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Dutch Report Dutch Report
by Euro Reporter
2009-04-01 09:55:05
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TV and poker shows

Three television broadcasters and one production company have been warned by justice minister Ernst Hirsch Ballin to stop making programmes about the gambling game poker. ‘The broadcasters have overstepped the mark. These programmes give people the idea that poker is completely legal and harmless,’ the NRC reports the minister as saying during a debate.

Under Dutch gambling law, poker may only be played in branches of the state-owned monopoly holder Holland Casino. Playing poker online is illegal and it may only be played in private homes if no money changes hands. According to the Dutch poker association, some 800,000 people in Holland play the game, the paper says. Hirsch Ballin made his comments in response to calls from two MPs for a more liberal attitude to poker.

All the …money!


Van Gaal lost cash to Madoff

Football coach Louis van Gaal has lost a fortune to American securities fraudster Bernard Madoff. Van Gaal, manager at Alkmaar football club AZ, was part of a group which invested €1.5m Euros with Fairfield Security, which then invested the money with Madoff, the paper says.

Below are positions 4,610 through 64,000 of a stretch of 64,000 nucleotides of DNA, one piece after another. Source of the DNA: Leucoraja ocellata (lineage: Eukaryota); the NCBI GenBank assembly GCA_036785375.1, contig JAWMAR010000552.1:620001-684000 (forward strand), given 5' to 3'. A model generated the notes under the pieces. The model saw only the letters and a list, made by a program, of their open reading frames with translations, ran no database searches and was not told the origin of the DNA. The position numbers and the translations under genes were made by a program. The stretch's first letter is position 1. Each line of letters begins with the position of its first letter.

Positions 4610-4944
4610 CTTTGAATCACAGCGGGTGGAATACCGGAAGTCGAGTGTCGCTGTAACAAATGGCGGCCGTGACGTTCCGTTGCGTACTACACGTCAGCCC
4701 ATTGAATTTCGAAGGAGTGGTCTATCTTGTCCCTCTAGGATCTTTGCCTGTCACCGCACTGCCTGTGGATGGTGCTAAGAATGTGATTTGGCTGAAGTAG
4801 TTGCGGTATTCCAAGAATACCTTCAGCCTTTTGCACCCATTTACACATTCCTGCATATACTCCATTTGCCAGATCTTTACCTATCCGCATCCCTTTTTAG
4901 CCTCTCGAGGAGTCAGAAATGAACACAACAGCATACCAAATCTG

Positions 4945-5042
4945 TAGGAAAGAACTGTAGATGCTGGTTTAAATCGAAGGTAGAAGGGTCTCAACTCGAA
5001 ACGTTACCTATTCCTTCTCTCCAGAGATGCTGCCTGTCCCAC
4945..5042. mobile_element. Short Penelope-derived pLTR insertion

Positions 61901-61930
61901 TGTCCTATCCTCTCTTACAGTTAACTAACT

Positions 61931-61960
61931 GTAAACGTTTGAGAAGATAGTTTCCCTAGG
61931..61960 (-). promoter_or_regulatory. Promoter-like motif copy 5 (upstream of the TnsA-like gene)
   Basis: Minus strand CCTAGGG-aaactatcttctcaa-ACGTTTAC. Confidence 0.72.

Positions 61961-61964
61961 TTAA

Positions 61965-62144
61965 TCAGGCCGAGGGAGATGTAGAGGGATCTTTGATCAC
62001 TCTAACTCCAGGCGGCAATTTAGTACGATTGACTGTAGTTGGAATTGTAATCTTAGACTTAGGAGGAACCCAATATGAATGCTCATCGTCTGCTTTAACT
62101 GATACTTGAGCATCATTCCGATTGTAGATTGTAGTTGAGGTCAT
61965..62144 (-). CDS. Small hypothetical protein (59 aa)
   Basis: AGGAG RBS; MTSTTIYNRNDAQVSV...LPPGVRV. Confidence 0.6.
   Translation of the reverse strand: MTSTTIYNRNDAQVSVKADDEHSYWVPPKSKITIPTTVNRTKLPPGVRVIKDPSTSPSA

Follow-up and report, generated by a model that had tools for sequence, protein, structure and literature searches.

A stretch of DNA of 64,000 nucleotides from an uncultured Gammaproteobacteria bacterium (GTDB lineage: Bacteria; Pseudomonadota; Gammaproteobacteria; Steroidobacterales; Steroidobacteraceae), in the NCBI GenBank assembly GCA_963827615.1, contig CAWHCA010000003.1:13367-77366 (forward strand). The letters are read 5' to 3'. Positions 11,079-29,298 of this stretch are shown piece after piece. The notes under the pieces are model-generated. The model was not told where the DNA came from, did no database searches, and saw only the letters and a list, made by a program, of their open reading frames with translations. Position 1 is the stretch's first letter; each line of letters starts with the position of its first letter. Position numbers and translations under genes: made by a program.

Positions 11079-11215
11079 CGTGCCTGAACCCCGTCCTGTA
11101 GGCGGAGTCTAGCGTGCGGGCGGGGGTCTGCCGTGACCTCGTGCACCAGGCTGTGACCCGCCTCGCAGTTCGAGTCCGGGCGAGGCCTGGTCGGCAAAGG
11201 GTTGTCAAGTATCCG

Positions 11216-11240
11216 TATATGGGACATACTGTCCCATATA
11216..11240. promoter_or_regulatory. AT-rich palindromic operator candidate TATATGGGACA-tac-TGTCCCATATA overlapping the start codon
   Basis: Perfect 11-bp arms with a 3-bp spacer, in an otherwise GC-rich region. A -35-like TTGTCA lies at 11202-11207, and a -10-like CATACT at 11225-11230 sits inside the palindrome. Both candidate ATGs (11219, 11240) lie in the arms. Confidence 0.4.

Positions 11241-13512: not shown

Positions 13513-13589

Former boxer Regilio Tuur has also lost money in the Madoff fraud. Former WBO world title holder Tuur faces eviction from his home in the chic PC Hooftstraat because he has not paid the rent for six months, the paper says.

Stock market is a different kind of …game and there is no referee there!


Minister to tackle public TV overload

Culture minister Ronald Plasterk wants to make it easier to remove broadcasters from the public broadcasting system. He told parliament that broadcasters which are not fulfilling their remit should lose their licence more quickly than is currently the case, Dutch media report. At the moment, public broadcasting companies are inspected every five years to see if their programmes still adhere to the spirit of public broadcasting. If the report is negative, they are then given a further five years in which to improve their programming, after which their licence can be revoked. In practice this has never happened.

Plasterk wants to reduce the time between the 'yellow card' and the 'red card' to two years, say media reports. His aim is to keep down the number of broadcasters in the public system which is threatening to become unmanageable. There are at least 14 public broadcasting companies occupying airtime on the three public channels.

New licences are issued every five years and broadcasters can submit their plans to the minister, provided they have signed up 50,000 members. If the minister is convinced they will add something new to the current programming, he will approve their application. They then get two hours TV time and nine hours radio time a week.

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